JFK and the Unspeakable: Why He Died and Why It Matters and over one million other books are available for Amazon Kindle. Learn more

JFK and the Unspeakable: Why He Died and Why It Matters
 
 


or
Sign in to turn on 1-Click ordering
More Buying Choices
Have one to sell? Sell yours here
Start reading JFK and the Unspeakable: Why He Died and Why It Matters on your Kindle in under a minute.

Don't have a Kindle? Get your Kindle here, or download a FREE Kindle Reading App.

JFK and the Unspeakable: Why He Died and Why It Matters [Paperback]

James W. Douglass
4.6 out of 5 stars  See all reviews (471 customer reviews)

List Price: $18.00
Price: $11.58 & FREE Shipping on orders over $35. Details
You Save: $6.42 (36%)
o o o o o o o o o o o o o o o o o o o o o o o o o o o o o o o o o o o o o o o o o o o o o o o o o o o o o o o o o o o o o o o o
In Stock.
Ships from and sold by Amazon.com. Gift-wrap available.
Want it tomorrow, Oct. 1? Choose One-Day Shipping at checkout. Details
‹  Return to Product Overview

Editorial Reviews

Amazon.com Review

"In JFK and the Unspeakable Jim Douglass has distilled all the best available research into a very well-documented and convincing portrait of President Kennedy's transforming turn to peace, at the cost of his life. Personally, it has made a very big impact on me. After reading it in Dallas, I was moved for the first time to visit Dealey Plaza. I urge all Americans to read this book and come to their own conclusions about why he died and why -- after fifty years -- it still matters.” -- Robert F. Kennedy, Jr.

“Right now, I ask all of you—please please, read JFK and the Unspeakable! I cried all night reading it, and didn’t sleep a wink. It is a book that could make us stand up and change the world, right now. Maybe we can save the world before it blows up. Really” —Yoko Ono --This text refers to the Hardcover edition.

Review

“A remarkable story that changed the way I view the world.”—JAMES BRADLEY, author of Flags of Our Fathers

Arguably the most important book yet written about a U.S. president … Should be required reading for all high school and college students, and anyone who is a registered voter!”—JOHN PERKINS, author of Confessions of an Economic Hitman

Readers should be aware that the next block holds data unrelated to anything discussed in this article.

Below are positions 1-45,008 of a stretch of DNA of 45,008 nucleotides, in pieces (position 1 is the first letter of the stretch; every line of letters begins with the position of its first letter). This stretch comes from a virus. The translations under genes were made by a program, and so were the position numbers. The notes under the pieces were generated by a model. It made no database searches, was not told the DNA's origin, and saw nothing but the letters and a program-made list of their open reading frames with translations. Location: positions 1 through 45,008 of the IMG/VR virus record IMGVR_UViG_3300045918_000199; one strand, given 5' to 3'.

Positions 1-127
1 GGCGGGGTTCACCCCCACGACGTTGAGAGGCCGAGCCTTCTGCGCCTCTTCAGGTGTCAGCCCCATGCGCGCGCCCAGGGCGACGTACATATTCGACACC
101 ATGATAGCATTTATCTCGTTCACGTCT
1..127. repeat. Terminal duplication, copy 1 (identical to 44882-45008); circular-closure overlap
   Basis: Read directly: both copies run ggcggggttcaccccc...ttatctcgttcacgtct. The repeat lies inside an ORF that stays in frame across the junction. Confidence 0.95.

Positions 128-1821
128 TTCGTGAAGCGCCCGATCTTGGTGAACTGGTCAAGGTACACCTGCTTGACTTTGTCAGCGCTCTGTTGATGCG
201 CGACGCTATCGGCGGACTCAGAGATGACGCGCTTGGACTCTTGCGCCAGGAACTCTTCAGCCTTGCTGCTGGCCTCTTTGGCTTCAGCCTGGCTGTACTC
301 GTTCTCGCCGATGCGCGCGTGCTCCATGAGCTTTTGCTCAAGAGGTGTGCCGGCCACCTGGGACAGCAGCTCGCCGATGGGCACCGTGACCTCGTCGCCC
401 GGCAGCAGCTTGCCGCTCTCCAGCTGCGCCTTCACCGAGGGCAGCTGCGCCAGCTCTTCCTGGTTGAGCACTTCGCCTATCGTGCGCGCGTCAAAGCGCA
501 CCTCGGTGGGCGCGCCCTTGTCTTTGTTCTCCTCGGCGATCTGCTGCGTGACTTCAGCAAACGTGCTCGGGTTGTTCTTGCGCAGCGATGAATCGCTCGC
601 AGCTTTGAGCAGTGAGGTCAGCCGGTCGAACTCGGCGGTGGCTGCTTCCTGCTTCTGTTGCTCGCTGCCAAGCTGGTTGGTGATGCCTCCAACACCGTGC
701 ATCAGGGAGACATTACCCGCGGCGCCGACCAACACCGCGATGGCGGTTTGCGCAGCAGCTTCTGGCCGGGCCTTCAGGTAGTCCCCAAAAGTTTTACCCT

The best account I have read of this tragedy and its significance … But don’t take my word for it. Read this extraordinary book and reach your own conclusions.” —OLIVER STONE, director

"Jim Douglass has unraveled the story of President Kennedy’s astonishing and little-known turn toward peace, and the reasons why members of his own government felt he must be eliminated. This disturbing, enlightening, and ultimately inspiring book should be read by all Americans. It has the power to change our lives and to set us free."—MARTIN SHEEN

JFK and the Unspeakable is an exceptional achievement. Douglass has made the strongest case so far in the JFK assassination literature as to the Who and the Why of Dallas.”—GERALD McNIGHT, author of Beach of Trust: How the Warren Commission Failed the Nation and Why

“Once in a great while a book comes along that both records history and makes it. … An exciting work with the drama of a first-rate thriller.” —MARK LANE, author of Rush to Judgment

“Right now, I ask all of you—please please, read JFK and the Unspeakable! I cried all night reading it, and didn’t sleep a wink. It is a book that could make us stand up and change the world, right now. Maybe we can save the world before it blows up. Really.” (Yoko Ono)

"In JFK and the Unspeakable Jim Douglass has distilled all the best available research into a very well-documented and convincing portrait of President Kennedy's transforming turn to peace, at the cost of his life. Personally, it has made a very big impact on me. After reading it in Dallas, I was moved for the first time to visit Dealey Plaza. I urge all Americans to read this book and come to their own conclusions about why he died and why -- after fifty years -- it still matters.” (Robert F. Kennedy, Jr.)

About the Author

James W. Douglass is a longtime peace activist and writer whose works include The Nonviolent Coming of God and JFK and the Unspeakable.

Pete Larkin, an AudioFile Earphones Award winner, has worked in virtually all media. He was the public address announcer for the New York Mets from 1988 to 1993, served as host of WNEW-FM's highly rated "Saturday Morning Sixties" program, and has done hundreds of commercials, promos, and narrations. --This text refers to the Audio CD edition.

Excerpt. © Reprinted by permission. All rights reserved.


CHAPTER ONE

A Cold Warrior Turns